World number one Rory McIlroy insists the desire to redress the balance in Ryder Cup history means the event will not be diminished by Europe's recent dominance over the United States.
The 16 1/2 to 11 1/2 victory at Gleneagles was their eighth in 10 attempts, but with the overall record in America's favour the Northern Irishman knows there is still a long way to go.
Europe still trail 25-12 in terms of victories and captain Paul McGinley used a graphic depicting the divide as a motivational tool this week.
"We have an image in our team room and it shows how much red, white and blue is still on it," said the 25-year-old.
"If you look at the honours board of the Ryder Cup, America have still won a lot more than Europe and that's what we're going towards.
"Okay, we have won eight of the last 10 or seven of the last eight or whatever it is, but we are still very much behind the US in terms of Ryder Cups won.
"That is our goal and our main objective to catch them up and overtake them as quickly as we can.
"I don't think this (their recent record) diminishes the competitive aspect of the Ryder Cup at all.
"Even though we've won the majority of the last 10, a lot of them have been very competitive. The last two Ryder Cups previous to this one Europe only won two of the sessions.
"At Celtic Manor we had to combine two sessions and have all players out on the course and we won that session 5 1/2 to 1/2, and then everyone saw what we did in the singles at Medinah.
"Those were very tight matches. I have no doubt that come Hazeltine in a couple years' time it will be a tight match again.
"The Ryder Cup will go on long past the years we are living. It's a great spectacle of sport between two very competitive teams: Europe have just been getting the better of the US the last few years, but that's not to mean that the US won't bounce back and win a few over the next five or six."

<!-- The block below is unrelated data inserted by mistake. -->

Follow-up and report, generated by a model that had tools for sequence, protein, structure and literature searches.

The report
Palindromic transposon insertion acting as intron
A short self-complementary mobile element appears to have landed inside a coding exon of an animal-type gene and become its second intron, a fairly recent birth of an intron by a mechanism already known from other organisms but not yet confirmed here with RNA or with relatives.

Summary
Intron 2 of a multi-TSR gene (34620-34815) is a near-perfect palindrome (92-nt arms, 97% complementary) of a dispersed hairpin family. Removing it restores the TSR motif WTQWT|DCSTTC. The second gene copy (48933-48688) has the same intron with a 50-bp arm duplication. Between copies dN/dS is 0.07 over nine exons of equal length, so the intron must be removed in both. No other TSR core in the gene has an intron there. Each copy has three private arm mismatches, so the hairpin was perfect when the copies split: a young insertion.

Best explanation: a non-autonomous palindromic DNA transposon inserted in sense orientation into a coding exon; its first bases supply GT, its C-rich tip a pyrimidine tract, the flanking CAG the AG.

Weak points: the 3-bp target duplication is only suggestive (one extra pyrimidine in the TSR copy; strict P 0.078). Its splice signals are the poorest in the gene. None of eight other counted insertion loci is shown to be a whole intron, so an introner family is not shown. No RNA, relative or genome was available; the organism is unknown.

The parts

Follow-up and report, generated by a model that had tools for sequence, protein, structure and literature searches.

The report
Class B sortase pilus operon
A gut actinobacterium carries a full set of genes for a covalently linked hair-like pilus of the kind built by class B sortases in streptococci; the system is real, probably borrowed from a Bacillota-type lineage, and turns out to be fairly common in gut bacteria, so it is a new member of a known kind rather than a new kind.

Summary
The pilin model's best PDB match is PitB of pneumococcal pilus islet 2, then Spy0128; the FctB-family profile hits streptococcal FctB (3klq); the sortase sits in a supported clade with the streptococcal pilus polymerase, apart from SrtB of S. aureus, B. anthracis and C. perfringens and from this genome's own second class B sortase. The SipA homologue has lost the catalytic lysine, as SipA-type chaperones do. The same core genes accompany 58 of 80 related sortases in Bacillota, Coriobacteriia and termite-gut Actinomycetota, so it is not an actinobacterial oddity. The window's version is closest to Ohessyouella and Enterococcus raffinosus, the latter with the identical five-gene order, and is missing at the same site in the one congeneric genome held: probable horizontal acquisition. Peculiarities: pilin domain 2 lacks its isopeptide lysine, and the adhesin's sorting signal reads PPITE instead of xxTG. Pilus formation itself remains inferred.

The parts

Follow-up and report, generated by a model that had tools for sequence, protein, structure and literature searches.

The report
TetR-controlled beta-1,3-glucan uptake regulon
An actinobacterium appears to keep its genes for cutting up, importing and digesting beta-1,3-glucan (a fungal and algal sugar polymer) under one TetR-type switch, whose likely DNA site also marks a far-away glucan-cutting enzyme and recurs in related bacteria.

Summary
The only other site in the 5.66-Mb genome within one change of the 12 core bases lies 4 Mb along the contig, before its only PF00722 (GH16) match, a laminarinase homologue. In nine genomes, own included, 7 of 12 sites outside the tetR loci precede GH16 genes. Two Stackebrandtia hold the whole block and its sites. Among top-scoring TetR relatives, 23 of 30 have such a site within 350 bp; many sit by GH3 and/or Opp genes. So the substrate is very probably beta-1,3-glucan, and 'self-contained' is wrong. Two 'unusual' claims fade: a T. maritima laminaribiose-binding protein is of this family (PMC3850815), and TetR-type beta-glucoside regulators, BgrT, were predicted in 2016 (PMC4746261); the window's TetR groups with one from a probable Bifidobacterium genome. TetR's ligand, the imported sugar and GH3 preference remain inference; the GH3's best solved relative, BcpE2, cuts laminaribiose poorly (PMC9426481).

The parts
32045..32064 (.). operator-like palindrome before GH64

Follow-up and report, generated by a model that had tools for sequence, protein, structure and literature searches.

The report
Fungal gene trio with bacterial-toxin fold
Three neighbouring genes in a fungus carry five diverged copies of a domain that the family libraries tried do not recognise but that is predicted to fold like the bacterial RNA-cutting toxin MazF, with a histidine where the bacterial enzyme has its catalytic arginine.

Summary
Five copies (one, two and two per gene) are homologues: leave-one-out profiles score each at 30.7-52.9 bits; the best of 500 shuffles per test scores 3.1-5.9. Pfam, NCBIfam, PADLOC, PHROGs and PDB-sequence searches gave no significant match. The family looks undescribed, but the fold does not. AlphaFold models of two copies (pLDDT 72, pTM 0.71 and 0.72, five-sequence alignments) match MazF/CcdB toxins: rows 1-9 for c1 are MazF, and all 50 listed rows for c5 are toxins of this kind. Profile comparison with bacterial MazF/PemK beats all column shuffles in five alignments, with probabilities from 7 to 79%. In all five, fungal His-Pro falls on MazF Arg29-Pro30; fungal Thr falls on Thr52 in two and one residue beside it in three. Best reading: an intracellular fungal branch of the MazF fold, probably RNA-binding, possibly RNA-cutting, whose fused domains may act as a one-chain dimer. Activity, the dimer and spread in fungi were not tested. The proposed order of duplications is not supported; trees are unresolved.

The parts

In terms of personal satisfaction McIlroy said the Ryder Cup victory provided the icing on the cake after adding two majors to his growing collection earlier in the year.
Coincidentally the last man to achieve such a feat was Tom Watson, the defeated United States captain, in 1977.
McIlroy said: "It's obviously a nice honour to have. It's the icing on the cake of what has been a very special summer for me, to win back-to-back majors, the Open Championship and then the PGA, and then to be a part of this fantastic team led by a wonderful captain.
"I couldn't have asked for the summer to end any better. I didn't know that it had not been done since 1977 but, you know, if it's not me in a couple years' time again, I hope it's one of these guys (his team-mates) that gets two majors and gets a Ryder Cup."
McIlroy revealed he approached his singles match against good friend Rickie Fowler with more focus than the final rounds of the Open and US PGA, which he won this year, and that resulted in a comfortable 5&4 victory which helped Europe to an overall
"I personally am just really proud of how I played," said the Northern Irishman.
"I was probably up for this match more than I was the final two rounds of the majors I won this year.
"It just meant so much to be to be a part of this team and to win."